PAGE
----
Rust Is a Scalable Language
In my last post about Zig and Rust, I mentioned that Rust is a “scalable language”. Let me expand on this a bit.
Rust is vertically scalable, in that you can write all kinds of software in it. You can write an advanced zero-alloc image compression library, build a web server exposing the library to the world as an HTTP SAAS, and cobble together a “script” for building, testing, and deploying it to wherever people deploy software these days. And you would only need Rust — while it excels in the lowest half of the stack, it’s pretty ok everywhere else too.
Rust is horizontally scalable, in that you can easily parallelize development of large software artifacts across many people and teams. Rust itself moves with a breakneck speed, which is surprising for such a loosely coordinated and chronically understaffed open source project of this scale. The relatively small community managed to put together a comprehensive ecosystem of composable high-quality crates on a short notice. Rust is so easy to compose reliably that even the stdlib itself does not shy from pulling dependencies from crates.io.
Steve Klabnik wrote about Rust’s Golden Rule, how function signatures are mandatory and authoritative and explicitly define the interface both for the callers of the function and for the function’s body. This thinking extends to other parts of the language.
My second most favorite feature of Rust (after safety) is its module system. It has first-class support for the concept of a library. A library is called a crate and is a tree of modules, a unit of compilation, and a principle visibility boundary. Modules can contain circular dependencies, but libraries always form a directed acyclic graph. There’s no global namespace of symbols — libraries are anonymous, names only appear on dependency edges between two libraries, and are local to the downstream crate.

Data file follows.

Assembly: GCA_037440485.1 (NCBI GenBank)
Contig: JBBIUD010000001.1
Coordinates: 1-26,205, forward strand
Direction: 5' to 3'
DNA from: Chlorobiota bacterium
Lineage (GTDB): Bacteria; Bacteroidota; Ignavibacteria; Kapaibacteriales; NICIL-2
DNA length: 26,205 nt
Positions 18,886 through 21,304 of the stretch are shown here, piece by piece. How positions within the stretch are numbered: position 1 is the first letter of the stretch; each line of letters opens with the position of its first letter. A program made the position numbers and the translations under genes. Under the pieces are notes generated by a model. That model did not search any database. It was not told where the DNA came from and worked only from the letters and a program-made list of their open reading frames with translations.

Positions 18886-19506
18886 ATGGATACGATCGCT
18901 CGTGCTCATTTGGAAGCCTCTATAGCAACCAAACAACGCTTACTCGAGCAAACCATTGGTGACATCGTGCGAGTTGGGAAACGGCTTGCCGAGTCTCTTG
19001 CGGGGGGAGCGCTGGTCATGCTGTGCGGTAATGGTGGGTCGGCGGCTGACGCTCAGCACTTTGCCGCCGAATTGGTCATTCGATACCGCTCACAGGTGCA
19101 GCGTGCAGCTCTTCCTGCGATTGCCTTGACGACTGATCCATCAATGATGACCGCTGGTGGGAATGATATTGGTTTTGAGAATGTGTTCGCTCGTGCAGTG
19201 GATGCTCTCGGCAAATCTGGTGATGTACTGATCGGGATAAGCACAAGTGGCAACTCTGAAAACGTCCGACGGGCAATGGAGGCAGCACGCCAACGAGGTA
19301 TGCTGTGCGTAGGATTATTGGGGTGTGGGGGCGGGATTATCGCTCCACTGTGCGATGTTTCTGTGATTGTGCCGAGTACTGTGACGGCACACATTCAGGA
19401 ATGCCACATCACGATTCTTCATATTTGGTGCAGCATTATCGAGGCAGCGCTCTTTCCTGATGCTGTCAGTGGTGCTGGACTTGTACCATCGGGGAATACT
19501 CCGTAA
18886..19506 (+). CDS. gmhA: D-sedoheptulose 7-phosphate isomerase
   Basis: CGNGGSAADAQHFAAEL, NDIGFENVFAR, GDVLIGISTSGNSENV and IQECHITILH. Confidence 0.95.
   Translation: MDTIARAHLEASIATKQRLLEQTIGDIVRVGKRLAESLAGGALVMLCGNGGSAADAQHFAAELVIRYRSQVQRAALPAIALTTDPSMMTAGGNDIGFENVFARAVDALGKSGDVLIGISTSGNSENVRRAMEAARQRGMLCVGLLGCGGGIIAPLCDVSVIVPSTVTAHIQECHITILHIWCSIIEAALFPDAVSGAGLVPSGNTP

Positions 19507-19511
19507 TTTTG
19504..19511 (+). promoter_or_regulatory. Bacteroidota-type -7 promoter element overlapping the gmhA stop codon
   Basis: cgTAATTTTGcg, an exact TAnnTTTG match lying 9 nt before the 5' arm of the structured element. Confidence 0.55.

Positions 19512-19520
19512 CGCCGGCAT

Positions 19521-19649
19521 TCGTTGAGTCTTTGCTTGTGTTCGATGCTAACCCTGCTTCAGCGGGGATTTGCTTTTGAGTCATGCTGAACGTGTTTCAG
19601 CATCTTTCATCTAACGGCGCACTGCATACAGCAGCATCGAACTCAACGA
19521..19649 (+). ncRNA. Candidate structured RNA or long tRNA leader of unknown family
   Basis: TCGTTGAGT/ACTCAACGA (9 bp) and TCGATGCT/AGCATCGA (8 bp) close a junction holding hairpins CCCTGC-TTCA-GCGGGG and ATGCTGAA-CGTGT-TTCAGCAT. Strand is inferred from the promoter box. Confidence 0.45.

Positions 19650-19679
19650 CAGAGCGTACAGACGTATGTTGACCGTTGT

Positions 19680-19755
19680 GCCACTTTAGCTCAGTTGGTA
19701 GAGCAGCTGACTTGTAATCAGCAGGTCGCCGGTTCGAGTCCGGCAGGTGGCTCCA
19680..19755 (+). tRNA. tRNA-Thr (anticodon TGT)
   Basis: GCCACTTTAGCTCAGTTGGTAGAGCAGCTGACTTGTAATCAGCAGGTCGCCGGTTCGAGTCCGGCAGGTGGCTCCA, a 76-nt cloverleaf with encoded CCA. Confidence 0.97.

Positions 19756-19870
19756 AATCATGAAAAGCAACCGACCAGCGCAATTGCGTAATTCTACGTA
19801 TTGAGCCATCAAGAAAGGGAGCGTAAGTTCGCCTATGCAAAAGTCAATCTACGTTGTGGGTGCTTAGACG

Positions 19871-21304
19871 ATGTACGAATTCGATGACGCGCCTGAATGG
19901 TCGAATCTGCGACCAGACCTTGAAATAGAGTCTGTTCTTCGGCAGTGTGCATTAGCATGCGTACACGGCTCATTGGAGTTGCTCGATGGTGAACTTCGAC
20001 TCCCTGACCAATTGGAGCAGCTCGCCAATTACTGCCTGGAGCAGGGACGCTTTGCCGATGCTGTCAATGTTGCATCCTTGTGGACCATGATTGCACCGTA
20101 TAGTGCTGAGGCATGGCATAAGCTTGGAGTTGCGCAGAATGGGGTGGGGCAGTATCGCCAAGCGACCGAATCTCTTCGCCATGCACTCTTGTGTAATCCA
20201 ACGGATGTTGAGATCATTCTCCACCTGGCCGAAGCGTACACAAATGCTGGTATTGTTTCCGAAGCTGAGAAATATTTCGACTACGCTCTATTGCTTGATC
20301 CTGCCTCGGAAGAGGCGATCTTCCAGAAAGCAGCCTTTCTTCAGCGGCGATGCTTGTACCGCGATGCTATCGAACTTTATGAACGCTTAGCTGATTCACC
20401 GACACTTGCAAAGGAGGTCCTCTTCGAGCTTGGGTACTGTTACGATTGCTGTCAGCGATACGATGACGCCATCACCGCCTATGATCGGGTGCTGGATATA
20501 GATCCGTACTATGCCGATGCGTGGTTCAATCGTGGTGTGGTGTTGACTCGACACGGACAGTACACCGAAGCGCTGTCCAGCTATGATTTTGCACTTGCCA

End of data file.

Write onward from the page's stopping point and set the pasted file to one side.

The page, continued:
The benefits of this core compilation model are then greatly amplified by Cargo, which is not a generalized task runner, but rather a rigid specification for what is a package of Rust code:
- a (library) crate,
- a manifest, which defines dependencies between packages in a declarative way, using semver,
- an ecosystem-wide agreement on the semantics of dependency specification, and accompanied dependency resolution algorithm.
Crucially, there’s absolutely no way in Cargo to control the actual build process.
build.rs file can be used to provide extra runtime inputs, but it’s
cargo who calls
Again, Cargo defines a rigid interface for a reusable piece of Rust code. Both producers and consumers must abide by these rules, there is no way around them. As a reward, they get a super-power of working together by working apart. I don’t need to ping dtolnay in Slack when I want to use serde-json because we implicitly pre-agreed to a shared golden rule.